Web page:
Be The Molotov Cocktail

TMAO loosens the knot on his bag of tricks, detailing some strategies for turning not-readers into readers. He inspires commenter, math teacher, and dy/dan blogroller, H., to turn in her math credential:

Glorious. Makes you want to convert to teaching English so you can read the Onion in class. I’ll pass it on.

At the end of a strong list he writes:

These things take time — time to plan, time to gather realia, time out of lessons and periods that we sometimes feel is slipping away, time when either folks who don’t get it or our own internal clocks yell at us to get on with it already. This time is more than paid back in increased student interest and understanding, more than paid back when kids start getting far more out of text than before.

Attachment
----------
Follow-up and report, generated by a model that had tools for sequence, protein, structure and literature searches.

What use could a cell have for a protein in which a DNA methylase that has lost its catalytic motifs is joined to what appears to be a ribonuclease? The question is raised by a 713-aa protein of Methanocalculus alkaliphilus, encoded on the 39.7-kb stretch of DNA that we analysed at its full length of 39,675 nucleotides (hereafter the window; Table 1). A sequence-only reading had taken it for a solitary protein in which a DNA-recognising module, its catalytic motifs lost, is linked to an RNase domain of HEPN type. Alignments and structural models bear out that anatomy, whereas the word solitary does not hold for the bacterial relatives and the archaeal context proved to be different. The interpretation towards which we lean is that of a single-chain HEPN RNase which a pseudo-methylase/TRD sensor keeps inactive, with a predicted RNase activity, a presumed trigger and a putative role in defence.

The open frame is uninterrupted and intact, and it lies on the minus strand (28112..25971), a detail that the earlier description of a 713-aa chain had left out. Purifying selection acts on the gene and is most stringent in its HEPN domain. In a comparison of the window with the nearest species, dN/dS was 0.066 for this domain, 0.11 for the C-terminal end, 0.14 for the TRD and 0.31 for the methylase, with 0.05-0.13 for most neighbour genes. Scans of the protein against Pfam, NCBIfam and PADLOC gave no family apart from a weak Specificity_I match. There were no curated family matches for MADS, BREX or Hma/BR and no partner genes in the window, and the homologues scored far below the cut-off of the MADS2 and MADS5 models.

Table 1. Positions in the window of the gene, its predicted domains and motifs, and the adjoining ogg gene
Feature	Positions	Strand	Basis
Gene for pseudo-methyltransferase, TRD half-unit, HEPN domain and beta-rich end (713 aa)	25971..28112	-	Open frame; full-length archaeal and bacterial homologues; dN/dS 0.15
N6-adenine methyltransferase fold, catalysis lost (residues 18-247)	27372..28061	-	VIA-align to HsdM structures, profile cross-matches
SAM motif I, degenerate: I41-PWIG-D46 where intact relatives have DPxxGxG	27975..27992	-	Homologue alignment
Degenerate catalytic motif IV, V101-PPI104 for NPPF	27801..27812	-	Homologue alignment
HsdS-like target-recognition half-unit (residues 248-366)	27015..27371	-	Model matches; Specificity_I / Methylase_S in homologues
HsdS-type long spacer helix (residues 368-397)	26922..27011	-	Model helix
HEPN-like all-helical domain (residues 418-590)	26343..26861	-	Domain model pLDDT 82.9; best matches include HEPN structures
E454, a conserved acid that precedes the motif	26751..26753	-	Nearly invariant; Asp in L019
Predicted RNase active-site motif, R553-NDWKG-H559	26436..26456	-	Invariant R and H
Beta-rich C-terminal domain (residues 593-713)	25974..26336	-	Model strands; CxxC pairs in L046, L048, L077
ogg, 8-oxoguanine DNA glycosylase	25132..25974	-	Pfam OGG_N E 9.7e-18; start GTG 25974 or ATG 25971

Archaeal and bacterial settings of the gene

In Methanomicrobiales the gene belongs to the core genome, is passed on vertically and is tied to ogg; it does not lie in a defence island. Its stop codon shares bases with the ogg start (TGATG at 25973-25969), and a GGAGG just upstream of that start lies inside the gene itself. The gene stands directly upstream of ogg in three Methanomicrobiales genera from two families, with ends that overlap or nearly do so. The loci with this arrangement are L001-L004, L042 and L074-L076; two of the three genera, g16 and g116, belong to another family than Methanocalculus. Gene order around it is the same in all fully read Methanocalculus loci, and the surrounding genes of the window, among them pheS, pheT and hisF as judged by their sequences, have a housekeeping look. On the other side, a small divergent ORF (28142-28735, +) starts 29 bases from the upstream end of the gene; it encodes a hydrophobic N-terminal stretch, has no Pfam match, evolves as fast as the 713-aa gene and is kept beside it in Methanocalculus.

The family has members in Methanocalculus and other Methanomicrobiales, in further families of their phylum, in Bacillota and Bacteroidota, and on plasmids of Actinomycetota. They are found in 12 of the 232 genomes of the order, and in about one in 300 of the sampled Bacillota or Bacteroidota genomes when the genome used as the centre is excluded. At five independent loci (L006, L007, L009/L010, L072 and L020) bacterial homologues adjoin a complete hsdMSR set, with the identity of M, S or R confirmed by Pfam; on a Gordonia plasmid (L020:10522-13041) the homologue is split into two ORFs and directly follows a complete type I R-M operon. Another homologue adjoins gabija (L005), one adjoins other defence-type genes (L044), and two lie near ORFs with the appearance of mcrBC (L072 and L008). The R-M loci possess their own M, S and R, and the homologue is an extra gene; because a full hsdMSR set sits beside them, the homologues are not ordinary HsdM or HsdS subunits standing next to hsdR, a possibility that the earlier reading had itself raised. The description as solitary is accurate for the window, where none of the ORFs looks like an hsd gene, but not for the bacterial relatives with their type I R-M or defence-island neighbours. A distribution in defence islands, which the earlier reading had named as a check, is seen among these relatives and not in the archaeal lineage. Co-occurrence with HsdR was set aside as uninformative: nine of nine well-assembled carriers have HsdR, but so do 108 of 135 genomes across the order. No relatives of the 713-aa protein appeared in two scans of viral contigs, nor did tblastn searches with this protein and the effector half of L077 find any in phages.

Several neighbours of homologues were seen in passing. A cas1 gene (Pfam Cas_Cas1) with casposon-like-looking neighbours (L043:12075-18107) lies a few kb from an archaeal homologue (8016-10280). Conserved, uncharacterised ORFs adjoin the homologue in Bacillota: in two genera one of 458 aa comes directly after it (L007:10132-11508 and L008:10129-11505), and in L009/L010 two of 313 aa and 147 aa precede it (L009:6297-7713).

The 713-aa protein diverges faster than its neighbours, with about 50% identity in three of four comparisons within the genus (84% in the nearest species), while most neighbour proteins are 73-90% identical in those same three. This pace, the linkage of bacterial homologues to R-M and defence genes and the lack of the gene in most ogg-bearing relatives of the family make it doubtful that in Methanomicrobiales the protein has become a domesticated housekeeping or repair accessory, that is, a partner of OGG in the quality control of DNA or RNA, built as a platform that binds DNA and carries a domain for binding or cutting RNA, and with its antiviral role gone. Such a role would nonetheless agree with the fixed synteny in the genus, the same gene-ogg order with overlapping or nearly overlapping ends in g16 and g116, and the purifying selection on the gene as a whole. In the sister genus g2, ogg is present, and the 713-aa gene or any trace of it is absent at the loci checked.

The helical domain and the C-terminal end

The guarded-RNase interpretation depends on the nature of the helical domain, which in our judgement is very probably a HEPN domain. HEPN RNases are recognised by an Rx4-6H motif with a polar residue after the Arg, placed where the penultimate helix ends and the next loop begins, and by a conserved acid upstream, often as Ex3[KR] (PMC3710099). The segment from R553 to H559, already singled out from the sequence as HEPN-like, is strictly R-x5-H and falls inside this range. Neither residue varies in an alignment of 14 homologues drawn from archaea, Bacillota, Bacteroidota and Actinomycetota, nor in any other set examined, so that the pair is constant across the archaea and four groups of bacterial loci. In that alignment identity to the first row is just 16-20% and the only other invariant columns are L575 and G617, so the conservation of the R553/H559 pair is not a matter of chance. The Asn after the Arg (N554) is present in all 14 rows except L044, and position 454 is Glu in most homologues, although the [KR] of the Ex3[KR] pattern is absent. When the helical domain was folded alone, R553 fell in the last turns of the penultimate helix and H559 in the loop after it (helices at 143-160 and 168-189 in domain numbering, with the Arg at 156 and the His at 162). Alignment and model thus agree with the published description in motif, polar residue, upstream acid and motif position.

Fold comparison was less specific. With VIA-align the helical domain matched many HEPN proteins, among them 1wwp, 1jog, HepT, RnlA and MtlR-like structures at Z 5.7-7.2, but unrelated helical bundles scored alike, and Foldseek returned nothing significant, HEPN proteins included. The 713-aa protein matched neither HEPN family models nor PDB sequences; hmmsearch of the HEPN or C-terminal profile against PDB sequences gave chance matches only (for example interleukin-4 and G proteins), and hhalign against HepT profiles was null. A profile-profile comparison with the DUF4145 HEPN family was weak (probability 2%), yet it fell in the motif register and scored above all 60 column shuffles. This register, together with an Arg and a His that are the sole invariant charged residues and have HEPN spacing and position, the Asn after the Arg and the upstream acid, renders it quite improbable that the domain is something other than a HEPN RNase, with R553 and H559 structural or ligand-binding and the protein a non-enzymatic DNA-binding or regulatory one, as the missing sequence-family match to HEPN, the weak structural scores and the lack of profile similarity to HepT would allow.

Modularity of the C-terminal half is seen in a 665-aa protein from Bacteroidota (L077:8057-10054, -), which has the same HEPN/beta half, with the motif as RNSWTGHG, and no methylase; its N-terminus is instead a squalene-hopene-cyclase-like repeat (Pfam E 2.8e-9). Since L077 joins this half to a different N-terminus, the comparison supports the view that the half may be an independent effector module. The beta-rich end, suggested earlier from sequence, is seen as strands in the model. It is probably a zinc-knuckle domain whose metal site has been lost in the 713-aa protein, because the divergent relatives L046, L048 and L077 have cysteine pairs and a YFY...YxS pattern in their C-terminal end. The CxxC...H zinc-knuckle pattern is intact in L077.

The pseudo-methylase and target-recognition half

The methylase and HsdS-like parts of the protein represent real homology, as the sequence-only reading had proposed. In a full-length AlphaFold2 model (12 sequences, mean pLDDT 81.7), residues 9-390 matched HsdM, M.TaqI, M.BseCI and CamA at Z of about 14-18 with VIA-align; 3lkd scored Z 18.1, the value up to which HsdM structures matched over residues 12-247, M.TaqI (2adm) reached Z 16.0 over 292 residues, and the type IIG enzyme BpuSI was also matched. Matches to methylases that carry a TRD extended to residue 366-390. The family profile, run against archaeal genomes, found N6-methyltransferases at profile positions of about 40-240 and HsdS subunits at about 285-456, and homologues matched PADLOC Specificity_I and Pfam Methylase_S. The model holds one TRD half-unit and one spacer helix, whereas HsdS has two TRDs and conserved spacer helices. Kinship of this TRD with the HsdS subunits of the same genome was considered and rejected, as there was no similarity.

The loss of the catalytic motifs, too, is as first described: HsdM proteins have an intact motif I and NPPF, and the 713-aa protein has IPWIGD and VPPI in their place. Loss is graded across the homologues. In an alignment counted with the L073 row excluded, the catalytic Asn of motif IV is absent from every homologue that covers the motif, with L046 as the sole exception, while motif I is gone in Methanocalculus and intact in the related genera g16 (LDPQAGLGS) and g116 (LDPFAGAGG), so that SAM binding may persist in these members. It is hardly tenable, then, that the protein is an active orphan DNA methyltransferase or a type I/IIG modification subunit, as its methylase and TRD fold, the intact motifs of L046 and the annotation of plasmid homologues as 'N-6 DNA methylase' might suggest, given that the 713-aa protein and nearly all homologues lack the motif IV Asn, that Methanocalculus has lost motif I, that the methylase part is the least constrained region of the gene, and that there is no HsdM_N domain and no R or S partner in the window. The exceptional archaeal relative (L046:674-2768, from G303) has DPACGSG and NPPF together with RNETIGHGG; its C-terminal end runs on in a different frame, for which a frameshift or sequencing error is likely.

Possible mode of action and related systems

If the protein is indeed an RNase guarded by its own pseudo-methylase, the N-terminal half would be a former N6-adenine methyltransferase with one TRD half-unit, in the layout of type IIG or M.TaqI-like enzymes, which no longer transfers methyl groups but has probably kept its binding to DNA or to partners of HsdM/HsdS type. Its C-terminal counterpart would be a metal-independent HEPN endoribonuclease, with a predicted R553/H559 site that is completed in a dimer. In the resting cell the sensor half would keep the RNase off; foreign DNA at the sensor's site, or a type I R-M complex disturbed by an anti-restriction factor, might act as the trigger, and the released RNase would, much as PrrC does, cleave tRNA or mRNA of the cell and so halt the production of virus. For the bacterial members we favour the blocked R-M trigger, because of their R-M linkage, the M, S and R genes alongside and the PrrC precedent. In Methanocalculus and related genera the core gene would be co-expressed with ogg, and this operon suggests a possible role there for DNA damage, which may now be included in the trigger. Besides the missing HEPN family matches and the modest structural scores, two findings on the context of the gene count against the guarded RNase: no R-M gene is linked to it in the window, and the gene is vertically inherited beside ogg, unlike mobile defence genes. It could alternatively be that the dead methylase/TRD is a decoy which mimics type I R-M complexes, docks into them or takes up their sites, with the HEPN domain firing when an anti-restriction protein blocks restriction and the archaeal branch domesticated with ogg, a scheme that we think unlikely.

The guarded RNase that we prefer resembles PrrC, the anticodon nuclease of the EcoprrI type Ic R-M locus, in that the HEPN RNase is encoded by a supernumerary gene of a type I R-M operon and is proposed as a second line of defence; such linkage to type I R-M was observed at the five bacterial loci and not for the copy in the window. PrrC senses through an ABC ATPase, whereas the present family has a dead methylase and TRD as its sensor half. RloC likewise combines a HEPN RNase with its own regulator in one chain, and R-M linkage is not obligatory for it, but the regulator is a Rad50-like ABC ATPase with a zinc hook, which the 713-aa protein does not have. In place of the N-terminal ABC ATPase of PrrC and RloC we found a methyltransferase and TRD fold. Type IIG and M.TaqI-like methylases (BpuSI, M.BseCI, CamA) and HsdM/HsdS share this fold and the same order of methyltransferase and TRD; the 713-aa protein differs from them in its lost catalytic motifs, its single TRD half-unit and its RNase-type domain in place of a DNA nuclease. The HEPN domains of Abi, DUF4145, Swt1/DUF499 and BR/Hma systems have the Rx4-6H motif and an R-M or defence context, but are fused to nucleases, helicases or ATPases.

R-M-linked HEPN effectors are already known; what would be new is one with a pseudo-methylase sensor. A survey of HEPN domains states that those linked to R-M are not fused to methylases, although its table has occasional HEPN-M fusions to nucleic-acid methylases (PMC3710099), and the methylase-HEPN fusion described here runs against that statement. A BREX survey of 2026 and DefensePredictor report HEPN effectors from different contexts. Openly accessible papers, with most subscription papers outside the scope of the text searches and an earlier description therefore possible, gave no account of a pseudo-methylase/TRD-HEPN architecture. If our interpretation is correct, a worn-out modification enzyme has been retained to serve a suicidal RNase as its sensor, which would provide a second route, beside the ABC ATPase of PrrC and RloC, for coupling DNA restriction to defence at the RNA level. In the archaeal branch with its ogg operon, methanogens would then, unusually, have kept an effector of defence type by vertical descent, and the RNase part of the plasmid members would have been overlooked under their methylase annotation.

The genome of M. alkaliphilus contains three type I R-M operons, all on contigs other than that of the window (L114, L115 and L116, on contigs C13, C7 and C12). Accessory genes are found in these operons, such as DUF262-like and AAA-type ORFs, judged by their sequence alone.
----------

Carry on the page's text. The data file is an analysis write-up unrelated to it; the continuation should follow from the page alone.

Which is absolutely true. There is no substitute for imaginative, thoughtful planning – no manipulative, no incentive, and no web app that will work as well as when someone sits, agonizes, and finally devises engaging activities for it.

I'm Dan and this is my blog. I'm a former high school math teacher and current head of teaching at Desmos. He / him. More here.


  1. How is it that neither of us have made a snarky remark about NCLB and creative restraint? I mean two whole posts, c’mon.

  2. Immediately after submitting that comment I figured Dan would be arguing that including articles from the Onion in math lessons would obviously be the most natural thing in the world.